Polish economist Karol Adamiecki’s 1896 harmonogram and Henry Gantt’s still commonly-used Gantt chart from 1912 are often referred to as the first project management software. The first paperless digital project management platforms were launched by Oracle and Artemis in 1977, and the decades that followed saw many iterations of PM software while the management concepts and methods driving tool design also multiplied and evolved. Now, project managers can choose from numerous options that provide a broad range of information beyond basic scheduling and task activity monitoring functions.
One of the most popular new types of PM software comes in the form of web-based applications accessed via a web browser or a mobile device. The Internet is now populated with a huge variety of such software – a Google search for “online project management software” produces over 31 million results, and many of these programs are free and open-source. With such an avalanche of PM tools out there, how does one begin to narrow the field? The best way is to start with some basics.
Get PM that fits right.
Look for the right size. Does your organization need to reach across world time zones, work in 5 languages, and access 24/7 service and support? Or do you need a package that serves the needs of a small team in one office while offering ease of use and leaving the budget uncrushed? Start out with a list of who, when, where, why, and how in regards to your projected PM software use.
Know your users.
Speaking of who, you definitely want user-friendly. Even if the software comes with superlative setup and support, technical capabilities and comfort levels will vary widely across project teams, and team members come and go. People need to be able to work effectively with the software almost immediately.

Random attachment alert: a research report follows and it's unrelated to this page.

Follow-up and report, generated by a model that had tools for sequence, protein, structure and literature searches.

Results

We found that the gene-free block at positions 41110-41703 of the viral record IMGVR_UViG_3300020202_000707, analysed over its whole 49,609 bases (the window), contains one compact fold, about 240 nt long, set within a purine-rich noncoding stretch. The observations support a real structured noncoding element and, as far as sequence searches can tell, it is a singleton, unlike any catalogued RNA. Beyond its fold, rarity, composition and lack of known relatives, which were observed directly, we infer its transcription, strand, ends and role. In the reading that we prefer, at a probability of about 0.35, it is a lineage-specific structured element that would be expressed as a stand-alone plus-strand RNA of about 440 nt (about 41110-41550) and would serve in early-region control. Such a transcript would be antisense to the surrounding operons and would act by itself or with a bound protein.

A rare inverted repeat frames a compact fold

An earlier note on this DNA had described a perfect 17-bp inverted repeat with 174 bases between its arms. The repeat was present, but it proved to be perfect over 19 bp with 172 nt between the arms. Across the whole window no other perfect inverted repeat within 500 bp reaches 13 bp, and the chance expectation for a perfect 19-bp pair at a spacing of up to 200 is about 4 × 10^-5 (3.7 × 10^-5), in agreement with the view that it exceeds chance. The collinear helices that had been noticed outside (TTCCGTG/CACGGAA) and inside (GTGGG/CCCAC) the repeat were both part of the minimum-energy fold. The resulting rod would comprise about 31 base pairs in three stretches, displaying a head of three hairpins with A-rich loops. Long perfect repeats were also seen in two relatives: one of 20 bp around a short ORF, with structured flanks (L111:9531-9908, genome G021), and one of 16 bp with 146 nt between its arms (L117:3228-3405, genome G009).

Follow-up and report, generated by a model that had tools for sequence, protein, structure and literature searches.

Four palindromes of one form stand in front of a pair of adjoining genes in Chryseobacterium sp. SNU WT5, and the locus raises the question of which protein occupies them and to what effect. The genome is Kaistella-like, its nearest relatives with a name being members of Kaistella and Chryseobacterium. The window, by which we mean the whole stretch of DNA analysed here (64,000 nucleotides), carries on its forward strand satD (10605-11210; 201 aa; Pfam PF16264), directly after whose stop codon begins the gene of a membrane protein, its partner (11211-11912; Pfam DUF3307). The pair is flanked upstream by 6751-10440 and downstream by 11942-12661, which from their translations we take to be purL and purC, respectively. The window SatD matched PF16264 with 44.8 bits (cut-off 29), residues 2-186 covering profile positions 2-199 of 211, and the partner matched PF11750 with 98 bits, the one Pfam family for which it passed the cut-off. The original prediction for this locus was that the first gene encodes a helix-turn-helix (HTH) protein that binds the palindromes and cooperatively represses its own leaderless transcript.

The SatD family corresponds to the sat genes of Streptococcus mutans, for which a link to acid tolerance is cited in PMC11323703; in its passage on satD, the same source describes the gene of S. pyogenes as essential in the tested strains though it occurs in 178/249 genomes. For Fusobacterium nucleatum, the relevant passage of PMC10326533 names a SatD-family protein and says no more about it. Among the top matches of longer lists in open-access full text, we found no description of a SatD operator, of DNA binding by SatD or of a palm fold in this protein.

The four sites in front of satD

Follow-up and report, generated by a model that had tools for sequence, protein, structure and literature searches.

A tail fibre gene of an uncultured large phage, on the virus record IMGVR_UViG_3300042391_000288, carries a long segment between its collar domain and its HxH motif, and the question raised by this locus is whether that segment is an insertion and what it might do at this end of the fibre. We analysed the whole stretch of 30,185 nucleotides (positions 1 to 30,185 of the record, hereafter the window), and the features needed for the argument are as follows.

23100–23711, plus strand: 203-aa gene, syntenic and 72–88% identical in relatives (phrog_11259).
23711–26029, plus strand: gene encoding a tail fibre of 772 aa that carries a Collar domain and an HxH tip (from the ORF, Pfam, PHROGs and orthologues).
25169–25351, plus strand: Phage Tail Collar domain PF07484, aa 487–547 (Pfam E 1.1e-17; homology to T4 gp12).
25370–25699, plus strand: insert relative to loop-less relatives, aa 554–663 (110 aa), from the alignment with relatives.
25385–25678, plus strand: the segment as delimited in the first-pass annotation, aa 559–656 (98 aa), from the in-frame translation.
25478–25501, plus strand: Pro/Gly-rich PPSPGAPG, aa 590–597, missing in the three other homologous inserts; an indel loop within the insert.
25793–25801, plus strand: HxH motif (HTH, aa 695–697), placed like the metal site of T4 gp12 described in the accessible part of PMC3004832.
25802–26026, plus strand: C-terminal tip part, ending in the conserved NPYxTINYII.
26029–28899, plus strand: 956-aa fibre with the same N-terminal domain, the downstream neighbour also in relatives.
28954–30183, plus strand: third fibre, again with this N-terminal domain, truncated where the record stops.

Question your motives.
What are your reasons for deploying project management software? What does your organization hope to achieve with it? For example, improved communication and collaboration between team members is probably a given, as is more efficient project reporting and tracking. Now add to this list.
Choose your features.
Now that you know what you are going to be doing, pick the tools needed to get it done. There are some nice options out there, and real-time collaboration with social-media style messaging and discussion features is just the starting point. Consider completion alerts and summary-level progress reports that include access to details. You can get task dependency and critical path information, charting and reporting, and of course customized role and responsibility settings. Just be careful not to go overboard, because you need to hold on to simplicity and ease of use.
Check the bottom line.
Finally, look at cost and licensing options. Small companies might want to go with a subscription or a per-user-license. If you want some help with these details, and to experience the kind of customer service and support a top-shelf PM software provider offers, get in touch with the project management experts at Timewax. Start by covering the items in this article, and you will be well on the way to running projects with low friction and maximum efficiency.